When dealing with the aftermath of a disaster, the last thing people should have to worry about is being taken advantage of. Those who have lost homes, personal property, and worst of all, loved ones, shouldn’t have to put up defenses when restoring their lives. Unfortunately, that’s exactly when most need to.
According to the Better Business Bureau (BBB), residential contractor fraud is the number one complaint by homeowners — and that’s in general, not specific to natural disasters, when you’ll likely be bombarded with offers from contractors. Construction fraud is a growing crime, and if it’s something occurring often at ANY time, imagine how much it increases during disasters when lots of work needs to be done and when criminals know their targets are in need.
If your home (thankfully) just needs repairs, you’ll likely find several door hangers or flyers on your door daily. It’s not uncommon for even legit contractors to start pounding the pavement — that’s an age-old marketing technique. Sometimes, however, it’s the marketing tactic of criminals. Here are 10 things to remember when finding contractors that will help you avoid fraudulent ones, from bids to signing off on work.
1.) Obtain several bids and use discretion.
No matter who the contractor is or what estimate they give you, get several bids — at least two or three. Often a potential scam can be easily spotted just from a bid. Unfortunately, this is too often noticed after a scam.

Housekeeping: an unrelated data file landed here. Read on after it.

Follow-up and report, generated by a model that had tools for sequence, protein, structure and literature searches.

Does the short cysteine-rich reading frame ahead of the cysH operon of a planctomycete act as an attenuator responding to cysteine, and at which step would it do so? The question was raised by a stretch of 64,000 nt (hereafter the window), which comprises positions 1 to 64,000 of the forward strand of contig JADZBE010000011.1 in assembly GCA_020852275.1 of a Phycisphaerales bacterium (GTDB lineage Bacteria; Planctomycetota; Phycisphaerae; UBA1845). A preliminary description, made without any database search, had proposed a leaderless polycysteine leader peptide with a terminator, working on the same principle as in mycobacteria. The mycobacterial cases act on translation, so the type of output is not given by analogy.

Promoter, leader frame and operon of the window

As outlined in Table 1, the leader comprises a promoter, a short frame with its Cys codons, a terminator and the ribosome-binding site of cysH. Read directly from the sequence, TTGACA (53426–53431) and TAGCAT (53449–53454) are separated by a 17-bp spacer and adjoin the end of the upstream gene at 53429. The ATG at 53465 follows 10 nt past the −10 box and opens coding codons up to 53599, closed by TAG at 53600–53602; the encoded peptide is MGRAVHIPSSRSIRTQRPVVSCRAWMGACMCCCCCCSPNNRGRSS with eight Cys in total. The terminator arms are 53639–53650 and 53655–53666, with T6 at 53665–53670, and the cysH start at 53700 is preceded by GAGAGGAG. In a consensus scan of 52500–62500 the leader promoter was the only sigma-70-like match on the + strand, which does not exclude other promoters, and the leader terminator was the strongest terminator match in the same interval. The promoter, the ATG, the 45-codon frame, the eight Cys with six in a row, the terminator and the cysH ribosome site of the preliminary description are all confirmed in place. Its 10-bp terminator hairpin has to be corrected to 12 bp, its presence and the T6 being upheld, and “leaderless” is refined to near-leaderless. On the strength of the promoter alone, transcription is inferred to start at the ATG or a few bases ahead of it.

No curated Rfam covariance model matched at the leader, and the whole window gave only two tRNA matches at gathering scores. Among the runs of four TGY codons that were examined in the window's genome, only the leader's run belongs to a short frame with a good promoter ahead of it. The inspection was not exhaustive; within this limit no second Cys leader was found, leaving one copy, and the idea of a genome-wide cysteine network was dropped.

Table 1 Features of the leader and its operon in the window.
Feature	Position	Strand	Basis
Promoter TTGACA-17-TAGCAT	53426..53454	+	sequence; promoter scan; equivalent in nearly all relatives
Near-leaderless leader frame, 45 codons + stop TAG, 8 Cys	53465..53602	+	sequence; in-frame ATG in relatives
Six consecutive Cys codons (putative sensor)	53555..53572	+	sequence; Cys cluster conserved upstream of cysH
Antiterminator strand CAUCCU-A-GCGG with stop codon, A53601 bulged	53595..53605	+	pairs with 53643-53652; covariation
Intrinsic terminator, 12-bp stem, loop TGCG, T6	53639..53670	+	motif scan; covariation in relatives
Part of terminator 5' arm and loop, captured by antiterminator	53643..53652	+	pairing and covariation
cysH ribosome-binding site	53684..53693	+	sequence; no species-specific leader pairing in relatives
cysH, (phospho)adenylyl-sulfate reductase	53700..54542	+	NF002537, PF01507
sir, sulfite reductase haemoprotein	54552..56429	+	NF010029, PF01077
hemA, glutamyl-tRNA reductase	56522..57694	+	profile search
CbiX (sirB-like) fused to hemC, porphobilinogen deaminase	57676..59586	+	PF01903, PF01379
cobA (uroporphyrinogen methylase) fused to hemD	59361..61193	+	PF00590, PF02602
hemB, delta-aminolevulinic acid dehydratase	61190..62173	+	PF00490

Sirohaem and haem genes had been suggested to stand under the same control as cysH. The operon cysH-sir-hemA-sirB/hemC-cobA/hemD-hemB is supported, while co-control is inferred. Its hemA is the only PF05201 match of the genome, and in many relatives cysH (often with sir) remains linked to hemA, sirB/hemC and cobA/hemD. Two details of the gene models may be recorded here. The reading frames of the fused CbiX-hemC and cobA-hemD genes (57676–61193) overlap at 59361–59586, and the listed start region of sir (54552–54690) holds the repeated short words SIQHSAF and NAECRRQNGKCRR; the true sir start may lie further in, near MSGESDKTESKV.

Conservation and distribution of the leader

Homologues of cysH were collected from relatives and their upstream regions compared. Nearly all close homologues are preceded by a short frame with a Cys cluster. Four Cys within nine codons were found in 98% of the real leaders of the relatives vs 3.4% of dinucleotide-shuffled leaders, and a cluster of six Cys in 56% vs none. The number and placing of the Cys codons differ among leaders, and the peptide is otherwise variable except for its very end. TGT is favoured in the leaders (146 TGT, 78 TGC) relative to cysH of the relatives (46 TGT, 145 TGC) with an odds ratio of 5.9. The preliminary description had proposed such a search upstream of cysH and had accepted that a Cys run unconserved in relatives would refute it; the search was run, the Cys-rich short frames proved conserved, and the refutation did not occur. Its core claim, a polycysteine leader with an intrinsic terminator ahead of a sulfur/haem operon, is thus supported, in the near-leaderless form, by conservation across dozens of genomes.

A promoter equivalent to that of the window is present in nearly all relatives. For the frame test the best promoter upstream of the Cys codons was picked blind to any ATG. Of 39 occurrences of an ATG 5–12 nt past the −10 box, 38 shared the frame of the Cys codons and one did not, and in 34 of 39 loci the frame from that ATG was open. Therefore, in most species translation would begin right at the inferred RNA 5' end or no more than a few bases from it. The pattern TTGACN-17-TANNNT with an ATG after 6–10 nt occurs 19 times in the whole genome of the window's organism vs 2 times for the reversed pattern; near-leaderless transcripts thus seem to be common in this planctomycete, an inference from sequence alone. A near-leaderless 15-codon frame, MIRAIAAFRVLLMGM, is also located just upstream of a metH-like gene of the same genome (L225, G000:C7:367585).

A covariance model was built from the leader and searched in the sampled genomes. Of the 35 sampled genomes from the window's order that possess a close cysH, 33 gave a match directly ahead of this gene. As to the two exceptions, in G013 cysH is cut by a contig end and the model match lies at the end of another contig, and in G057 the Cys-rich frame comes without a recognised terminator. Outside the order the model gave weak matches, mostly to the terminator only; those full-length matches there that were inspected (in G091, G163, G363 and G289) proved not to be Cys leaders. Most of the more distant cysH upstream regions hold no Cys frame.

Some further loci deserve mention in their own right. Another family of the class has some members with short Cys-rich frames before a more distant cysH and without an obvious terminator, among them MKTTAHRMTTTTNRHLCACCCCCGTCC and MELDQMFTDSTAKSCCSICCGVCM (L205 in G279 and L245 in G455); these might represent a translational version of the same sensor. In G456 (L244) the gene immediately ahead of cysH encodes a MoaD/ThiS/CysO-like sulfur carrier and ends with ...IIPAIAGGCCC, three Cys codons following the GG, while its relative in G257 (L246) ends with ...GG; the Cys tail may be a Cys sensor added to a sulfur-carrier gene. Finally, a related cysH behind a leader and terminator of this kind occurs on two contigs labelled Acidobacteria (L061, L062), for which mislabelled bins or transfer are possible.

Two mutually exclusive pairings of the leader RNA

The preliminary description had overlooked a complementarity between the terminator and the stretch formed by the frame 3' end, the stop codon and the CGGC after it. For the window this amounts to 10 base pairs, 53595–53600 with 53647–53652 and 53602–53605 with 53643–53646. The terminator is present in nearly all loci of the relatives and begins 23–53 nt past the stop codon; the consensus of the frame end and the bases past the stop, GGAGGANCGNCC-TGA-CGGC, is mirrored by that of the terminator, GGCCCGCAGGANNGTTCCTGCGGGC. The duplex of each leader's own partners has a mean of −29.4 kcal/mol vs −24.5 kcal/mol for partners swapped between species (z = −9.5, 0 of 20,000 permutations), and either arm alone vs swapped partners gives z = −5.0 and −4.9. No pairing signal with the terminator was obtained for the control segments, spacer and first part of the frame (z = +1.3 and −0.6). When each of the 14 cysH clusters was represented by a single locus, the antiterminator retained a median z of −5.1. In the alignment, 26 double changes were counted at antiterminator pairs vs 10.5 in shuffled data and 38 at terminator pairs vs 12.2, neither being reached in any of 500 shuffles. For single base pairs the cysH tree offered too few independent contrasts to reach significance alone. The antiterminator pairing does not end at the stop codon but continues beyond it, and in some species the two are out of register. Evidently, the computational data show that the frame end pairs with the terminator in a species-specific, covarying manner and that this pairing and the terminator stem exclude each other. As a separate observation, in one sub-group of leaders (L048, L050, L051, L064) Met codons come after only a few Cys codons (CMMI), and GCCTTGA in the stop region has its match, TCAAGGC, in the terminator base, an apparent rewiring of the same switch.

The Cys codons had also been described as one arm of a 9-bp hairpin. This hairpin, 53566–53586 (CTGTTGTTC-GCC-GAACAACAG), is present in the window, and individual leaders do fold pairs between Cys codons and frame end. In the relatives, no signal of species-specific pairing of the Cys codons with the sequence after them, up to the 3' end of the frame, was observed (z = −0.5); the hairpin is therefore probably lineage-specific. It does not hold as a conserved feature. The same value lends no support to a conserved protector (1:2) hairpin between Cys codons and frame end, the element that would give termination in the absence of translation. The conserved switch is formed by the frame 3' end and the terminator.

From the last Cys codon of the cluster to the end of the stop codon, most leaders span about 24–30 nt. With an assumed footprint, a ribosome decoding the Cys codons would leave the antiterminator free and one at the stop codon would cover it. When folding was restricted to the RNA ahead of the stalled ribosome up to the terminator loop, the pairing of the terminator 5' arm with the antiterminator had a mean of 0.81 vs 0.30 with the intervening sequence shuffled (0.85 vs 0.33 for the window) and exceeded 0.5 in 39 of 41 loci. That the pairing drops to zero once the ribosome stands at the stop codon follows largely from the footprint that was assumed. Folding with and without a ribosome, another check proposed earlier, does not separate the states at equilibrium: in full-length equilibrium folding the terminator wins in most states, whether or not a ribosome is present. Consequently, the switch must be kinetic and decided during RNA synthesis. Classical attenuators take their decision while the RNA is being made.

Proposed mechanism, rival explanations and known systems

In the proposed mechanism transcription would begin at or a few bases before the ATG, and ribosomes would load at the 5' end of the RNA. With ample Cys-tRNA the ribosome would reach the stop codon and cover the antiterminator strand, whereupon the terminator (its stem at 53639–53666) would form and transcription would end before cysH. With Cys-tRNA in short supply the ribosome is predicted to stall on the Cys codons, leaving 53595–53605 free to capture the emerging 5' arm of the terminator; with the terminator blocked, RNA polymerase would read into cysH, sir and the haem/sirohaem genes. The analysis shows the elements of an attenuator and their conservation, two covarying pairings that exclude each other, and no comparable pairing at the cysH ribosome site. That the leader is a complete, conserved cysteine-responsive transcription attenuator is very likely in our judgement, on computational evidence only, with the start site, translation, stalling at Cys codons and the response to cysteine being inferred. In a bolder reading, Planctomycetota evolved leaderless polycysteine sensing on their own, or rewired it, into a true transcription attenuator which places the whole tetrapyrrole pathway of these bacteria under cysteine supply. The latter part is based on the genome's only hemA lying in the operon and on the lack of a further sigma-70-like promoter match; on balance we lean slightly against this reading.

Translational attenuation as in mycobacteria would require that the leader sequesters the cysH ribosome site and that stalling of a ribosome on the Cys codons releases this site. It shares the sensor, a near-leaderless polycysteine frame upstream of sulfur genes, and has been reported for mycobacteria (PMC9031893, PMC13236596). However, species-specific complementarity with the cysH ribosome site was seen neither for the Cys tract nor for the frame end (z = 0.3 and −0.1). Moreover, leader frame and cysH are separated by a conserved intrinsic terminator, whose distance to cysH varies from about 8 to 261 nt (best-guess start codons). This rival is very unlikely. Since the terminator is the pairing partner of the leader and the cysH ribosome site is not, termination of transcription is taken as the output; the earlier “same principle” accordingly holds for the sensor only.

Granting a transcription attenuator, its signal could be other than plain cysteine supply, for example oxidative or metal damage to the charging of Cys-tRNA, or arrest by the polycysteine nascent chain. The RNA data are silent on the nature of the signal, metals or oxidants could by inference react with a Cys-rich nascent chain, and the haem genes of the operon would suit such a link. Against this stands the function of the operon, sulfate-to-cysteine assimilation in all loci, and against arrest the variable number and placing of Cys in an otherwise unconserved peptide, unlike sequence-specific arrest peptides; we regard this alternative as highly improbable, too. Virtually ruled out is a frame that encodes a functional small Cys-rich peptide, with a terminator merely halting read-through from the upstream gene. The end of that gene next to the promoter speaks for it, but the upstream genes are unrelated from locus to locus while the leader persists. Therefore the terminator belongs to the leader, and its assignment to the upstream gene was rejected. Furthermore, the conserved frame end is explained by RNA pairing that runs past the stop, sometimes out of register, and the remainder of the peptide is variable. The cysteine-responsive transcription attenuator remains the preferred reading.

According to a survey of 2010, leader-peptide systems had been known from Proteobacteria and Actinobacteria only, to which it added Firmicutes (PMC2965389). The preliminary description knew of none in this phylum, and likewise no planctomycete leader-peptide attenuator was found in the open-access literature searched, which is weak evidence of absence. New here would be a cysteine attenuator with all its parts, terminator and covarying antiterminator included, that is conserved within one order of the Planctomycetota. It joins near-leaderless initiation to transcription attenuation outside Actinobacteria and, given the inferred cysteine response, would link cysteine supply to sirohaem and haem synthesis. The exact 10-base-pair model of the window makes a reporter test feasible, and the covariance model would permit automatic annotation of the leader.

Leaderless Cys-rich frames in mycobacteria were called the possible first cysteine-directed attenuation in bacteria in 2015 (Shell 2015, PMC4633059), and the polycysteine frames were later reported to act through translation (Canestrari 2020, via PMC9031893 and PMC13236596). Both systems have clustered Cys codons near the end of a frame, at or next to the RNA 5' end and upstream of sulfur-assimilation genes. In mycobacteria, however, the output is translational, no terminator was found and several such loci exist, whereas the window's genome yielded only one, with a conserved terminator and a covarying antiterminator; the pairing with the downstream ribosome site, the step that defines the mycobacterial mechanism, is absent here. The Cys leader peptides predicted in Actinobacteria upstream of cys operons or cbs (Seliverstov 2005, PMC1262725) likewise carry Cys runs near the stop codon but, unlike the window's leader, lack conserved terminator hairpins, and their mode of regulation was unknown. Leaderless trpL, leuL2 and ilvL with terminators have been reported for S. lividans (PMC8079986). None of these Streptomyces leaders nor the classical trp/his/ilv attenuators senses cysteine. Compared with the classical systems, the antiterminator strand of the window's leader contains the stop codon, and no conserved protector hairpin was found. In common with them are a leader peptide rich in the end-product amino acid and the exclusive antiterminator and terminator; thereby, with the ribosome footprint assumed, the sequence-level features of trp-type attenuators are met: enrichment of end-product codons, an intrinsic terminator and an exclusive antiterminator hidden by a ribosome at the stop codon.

The bids should list all repairs, exact costs for labor and supplies, details about the work, any guarantees or warranties, and a time frame for completion.
Watch out for low bids, often hid behind “deals” for natural disasters, like “Hurricane Special” or “Tornado Deals,” that are limited time offers. Homeowners may think they should act fast before the deal ends or that it’s considerate of the contractor. Use extra caution if you see low bids. Fortunately, these are easier to identify if you get several.
Also, never pay for bids. Legit contractors don’t charge for bids — they know they’ll make money when hired. If you pay for bids, they could take your money and run, especially without contracts. There are too many legit contractors (and even criminals) providing free bids just around the corner.
2.) Use local and established contractors if possible.